As the weather turns, the warmth of spring holds the promise of outdoor activities. One of America’s favorite leisure activities is gardening which can be difficult for those with limited movement or stamina. Occupational therapists help people engage in occupations, like gardening, that make life more meaningful.
During Occupational Therapy Month, Audubon County Memorial Hospital and Clinics share the benefits Occupational Therapy (OT) can provide. Occupational therapists help people of all ages participate in the things they want and need to do through the therapeutic use of everyday activities (occupations). OT can help with wrist/hand orthopedic injuries, driving evaluations, pediatric neurodevelopmental therapy, and custom splinting/orthotic fitting for upper extremities’.
ACMH Rehabilitation Services Director, Katie Glade, DPT, mentions that occupational therapy benefits those that have neurological disorders such as Alzheimer’s, degenerative disorders such as Parkinson’s and Multiple Sclerosis, lymphedema, musculoskeletal disorders, upper extremity injuries, developmental delays and/or learning disabilities, and anyone experiencing difficulties functioning in their daily activities.
Katie Glade reinforces the importance that with the help of OT, individuals can improve their quality of life. “Occupational therapists and occupational therapy assistants play an important role in the restoration of function for the patients they see and provide the necessary tools and education to allow the patient’s success for the activities they need to be able to return to.”
In the meantime, Certified Occupational Therapy Assistant, Kristi Pottebaum, COTA who sees patients at ACMH, offers the following tips that can help make your gardening tasks a little easier and more comfortable this spring.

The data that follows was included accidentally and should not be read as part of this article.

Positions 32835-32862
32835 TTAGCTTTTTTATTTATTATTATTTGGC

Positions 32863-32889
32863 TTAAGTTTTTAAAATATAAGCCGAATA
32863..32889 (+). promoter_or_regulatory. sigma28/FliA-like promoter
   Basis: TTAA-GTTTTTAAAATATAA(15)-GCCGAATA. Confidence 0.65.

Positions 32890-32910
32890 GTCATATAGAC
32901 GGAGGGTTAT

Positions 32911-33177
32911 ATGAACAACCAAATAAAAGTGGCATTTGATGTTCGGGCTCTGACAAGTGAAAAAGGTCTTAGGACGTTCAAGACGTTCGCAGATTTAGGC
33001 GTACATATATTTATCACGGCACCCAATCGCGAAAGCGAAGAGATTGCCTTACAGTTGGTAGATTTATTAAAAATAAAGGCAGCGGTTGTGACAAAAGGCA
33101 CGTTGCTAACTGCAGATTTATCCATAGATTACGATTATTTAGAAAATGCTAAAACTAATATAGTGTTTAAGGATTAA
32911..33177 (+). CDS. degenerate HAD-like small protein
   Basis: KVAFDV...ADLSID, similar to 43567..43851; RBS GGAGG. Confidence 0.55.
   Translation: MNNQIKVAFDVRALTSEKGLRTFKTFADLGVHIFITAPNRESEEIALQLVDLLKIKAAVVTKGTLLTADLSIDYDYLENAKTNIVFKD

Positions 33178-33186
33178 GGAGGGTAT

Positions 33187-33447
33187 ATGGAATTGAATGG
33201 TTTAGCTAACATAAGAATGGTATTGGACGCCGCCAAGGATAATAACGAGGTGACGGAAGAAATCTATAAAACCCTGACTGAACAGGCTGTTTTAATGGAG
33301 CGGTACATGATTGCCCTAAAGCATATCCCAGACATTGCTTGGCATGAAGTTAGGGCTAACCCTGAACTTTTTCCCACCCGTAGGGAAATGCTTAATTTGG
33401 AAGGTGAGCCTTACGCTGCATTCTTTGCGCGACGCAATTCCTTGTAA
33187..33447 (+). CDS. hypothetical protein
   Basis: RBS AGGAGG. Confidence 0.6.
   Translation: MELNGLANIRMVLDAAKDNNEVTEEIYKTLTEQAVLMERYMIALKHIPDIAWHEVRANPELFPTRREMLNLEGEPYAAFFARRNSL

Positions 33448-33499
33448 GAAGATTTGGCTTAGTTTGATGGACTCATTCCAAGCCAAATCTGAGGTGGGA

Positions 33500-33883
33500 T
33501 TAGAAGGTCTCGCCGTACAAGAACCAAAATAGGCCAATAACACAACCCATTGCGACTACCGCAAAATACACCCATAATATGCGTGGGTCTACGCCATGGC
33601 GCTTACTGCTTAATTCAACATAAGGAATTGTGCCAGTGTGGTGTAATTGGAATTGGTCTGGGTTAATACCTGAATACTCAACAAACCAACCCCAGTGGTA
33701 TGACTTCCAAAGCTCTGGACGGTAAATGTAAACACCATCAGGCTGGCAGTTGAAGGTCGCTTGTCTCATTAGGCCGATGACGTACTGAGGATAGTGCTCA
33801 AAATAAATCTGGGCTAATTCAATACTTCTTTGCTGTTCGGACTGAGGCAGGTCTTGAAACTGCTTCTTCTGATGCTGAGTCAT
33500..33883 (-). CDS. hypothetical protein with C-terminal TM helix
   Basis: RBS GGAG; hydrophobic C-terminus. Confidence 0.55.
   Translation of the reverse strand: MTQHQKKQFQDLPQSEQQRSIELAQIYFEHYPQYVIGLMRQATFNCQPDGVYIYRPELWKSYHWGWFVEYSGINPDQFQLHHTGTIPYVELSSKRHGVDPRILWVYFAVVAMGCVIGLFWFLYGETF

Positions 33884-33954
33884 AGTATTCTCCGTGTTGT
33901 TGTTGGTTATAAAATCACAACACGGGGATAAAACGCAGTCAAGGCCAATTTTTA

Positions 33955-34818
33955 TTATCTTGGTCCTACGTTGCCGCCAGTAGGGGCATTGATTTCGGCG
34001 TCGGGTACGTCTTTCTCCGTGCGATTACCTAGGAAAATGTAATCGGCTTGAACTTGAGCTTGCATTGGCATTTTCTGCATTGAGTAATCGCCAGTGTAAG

- Protect your joints. Choose implements with padded handles to protect joints from excess pressure. Spring – action, self-opening shears or Clippers help if you have a weak grasp.
- Conserve energy. Sit while working to conserve energy and decrease stress on your back, knees, and hips. Use a kneeler seat, to help you rise from a kneeling to a seated position. Take rest breaks and stop work before you become overtired. Limit lifting. Watch out for those heavy bags of soil, mulch, or fertilizer. Divide the bag into smaller, more manageable loads and use a cart or wagon. When lifting, use the muscles in your legs and not your back.
- Think small. Start with a small garden plot near your house and water supply that you can manage. Choose lightweight or coiled hoses for less stress and wear on your body.
- Mix it up. Vary your tasks to avoid over stress to one part of the body. Change your position frequently to keep from becoming stiff. A tight grip for extended periods can cause swelling in the hands and arms. Kneeling for prolonged periods can cause back strain and knee pain.
If you have any questions about Occupational Therapy, please contact the ACMH Rehabilitation Services Department at 712-563-5314.